I’ve just finished reading a new piece from PG about having children.
It’s written from an extremely Western, rich, no handicaps, privileged point of view but it is worth a read.
Our kid is reaching ten months old and while there’s always the “wait until she’s…” crowd, my take so far is that fatherhood hasn’t fundamentally changed who I am.
I also do not believe that becoming a father is a life unlock or that I was deficient without her.
I’ve simply been exposed for who I am, that’s it. I’m no less “ambitious” (PG’s word) than I was before my child, and I’m no less free (as in Freedom, with an F) now than I was before she came along.
I’m busier, sure. I don’t have time for friends anymore like I used to, sure. I lack sleep. But none of these problems are dependent on having children. They exist for plenty of people.
“The fact is, most of the freedom I had before kids, I never used. I paid for it in loneliness, but I never used it.”PG
This is interesting, but it frames being without children and having free time as being lonely. It’s not true for everyone, and it also pivots a discussion about children into something entirely different: how someone uses his time.
The problem with cult of personalities is that, when you read them, you are lead to believe that things for them are as things should be. This is especially true in tech.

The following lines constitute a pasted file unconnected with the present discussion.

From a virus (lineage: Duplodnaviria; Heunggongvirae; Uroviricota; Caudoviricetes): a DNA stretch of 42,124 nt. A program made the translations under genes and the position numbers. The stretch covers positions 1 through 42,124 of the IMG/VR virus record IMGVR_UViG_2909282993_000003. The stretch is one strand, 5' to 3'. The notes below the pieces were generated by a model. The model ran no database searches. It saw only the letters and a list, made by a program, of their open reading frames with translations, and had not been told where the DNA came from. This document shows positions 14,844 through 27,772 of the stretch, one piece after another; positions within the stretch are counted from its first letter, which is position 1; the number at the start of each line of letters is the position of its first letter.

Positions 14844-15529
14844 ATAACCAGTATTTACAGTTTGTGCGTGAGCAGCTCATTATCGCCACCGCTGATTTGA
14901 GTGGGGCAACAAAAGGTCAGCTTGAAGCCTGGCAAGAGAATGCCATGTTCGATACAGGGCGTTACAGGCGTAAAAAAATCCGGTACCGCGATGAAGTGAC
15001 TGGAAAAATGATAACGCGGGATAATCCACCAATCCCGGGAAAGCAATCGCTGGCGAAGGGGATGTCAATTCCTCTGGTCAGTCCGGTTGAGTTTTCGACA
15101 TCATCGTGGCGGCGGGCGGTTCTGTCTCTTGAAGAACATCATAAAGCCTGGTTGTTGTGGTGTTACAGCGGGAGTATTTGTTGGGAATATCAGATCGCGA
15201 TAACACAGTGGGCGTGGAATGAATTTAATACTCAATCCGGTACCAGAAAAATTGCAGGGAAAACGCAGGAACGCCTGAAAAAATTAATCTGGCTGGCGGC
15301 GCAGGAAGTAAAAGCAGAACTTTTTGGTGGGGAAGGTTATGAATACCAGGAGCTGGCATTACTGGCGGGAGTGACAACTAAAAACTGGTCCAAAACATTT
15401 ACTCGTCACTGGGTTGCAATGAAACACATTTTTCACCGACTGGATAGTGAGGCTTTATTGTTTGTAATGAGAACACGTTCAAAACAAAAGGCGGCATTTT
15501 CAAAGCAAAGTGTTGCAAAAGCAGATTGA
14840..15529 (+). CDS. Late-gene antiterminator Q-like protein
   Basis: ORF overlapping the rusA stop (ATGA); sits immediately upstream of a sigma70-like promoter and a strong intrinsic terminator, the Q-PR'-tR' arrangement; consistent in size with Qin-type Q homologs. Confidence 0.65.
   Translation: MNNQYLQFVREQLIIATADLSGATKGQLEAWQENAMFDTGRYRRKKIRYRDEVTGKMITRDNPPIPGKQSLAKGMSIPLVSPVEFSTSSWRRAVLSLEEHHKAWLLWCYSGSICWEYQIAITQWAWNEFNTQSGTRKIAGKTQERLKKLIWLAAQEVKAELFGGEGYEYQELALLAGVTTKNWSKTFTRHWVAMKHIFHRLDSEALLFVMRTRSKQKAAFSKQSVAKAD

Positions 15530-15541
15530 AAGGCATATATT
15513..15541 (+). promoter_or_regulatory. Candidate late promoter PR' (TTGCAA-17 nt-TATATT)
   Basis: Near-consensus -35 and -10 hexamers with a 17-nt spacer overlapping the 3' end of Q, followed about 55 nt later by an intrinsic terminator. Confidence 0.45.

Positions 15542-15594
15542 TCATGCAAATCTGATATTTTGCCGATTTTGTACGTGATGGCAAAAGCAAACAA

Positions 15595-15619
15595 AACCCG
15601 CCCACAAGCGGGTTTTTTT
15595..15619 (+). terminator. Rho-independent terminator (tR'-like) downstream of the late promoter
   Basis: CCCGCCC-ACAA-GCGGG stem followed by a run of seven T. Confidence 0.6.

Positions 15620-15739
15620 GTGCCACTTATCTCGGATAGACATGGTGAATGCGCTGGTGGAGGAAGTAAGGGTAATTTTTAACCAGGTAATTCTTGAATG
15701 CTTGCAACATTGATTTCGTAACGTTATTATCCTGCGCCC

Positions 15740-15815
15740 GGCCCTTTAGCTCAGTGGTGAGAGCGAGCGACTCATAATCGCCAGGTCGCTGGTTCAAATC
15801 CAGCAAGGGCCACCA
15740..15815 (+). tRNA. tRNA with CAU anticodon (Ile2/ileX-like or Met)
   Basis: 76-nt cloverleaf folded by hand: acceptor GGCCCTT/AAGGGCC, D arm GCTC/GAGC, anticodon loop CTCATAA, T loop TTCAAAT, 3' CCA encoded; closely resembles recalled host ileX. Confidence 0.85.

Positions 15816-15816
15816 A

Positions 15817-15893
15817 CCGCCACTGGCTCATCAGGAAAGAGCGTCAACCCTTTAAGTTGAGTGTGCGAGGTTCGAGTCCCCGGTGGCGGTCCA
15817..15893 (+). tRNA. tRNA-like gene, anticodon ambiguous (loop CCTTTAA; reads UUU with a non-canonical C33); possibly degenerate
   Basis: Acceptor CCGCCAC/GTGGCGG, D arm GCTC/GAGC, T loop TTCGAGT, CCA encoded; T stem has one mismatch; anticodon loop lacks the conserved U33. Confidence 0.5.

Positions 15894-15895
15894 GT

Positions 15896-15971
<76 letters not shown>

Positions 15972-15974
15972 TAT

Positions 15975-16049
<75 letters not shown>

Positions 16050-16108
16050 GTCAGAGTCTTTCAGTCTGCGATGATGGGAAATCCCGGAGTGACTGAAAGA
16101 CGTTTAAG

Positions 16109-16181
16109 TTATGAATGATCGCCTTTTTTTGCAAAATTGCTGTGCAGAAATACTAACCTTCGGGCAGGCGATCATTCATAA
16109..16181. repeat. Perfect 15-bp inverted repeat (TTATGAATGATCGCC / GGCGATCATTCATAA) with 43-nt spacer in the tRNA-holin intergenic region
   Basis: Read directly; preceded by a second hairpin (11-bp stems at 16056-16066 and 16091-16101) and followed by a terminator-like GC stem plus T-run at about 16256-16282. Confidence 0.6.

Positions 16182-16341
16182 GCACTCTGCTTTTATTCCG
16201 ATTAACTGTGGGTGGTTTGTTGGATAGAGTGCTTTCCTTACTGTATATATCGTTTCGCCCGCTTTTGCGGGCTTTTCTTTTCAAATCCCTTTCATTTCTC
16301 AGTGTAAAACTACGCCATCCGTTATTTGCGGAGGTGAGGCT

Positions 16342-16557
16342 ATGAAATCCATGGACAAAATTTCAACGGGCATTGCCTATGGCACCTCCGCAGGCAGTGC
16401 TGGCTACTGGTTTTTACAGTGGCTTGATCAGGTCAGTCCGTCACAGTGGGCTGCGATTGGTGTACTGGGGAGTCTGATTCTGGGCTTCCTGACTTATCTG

“…what kind of wimpy ambition do you have if it won’t survive having kids? Do you have so little to spare?”PG
This further feeds into the disgusting ethos that ambition (code for work hard, at all costs), making things, building, and “doing” are what matter in life.
Sometimes silence is as important as production.
You do not have to be a parent to understand life more deeply than others. Not having children is not a handicap. Having children is not a requirement for a complete life.
I never felt incomplete without my child. She was an abstract idea that interested me. Not a puzzle piece.
My demons and solutions to my problems were my own – she exists now not to rid me of them but to be her own person. She is not my savior and I am merely her protector when necessary.
I am happy. I am absolutely amazed at what my wife has been able to develop Asa into.
If anything, having a baby has shown me how incredible Trang is at developing our child. She is the rock and I certainly expect her experiences with motherhood to be different than those of mine with fatherhood.
She is active. I am passive. I’m also at home round-the-clock, ever-present. A listener. I hear my child all day. She gives me both peace and frustration. I love her.
I am proud of, despite my crippling anxiety disorder, being able to handle crisis moments. But none of that is really about my kid.
I’m not sure where I’m going with this, so I’ll leave it here: having kids does not give us a badge of honor. You made that decision, as did I. Not having children does not mean that you are lacking.
And none of this have-kids-life-hack should come from the ivory elites in tech who influence young copycats.
Kids are expensive, demanding, and scary. And it’s okay if you do not wish to have them now or ever.
You are complete as you are. Kids optional.
I do love mine, though. She’s a treat.
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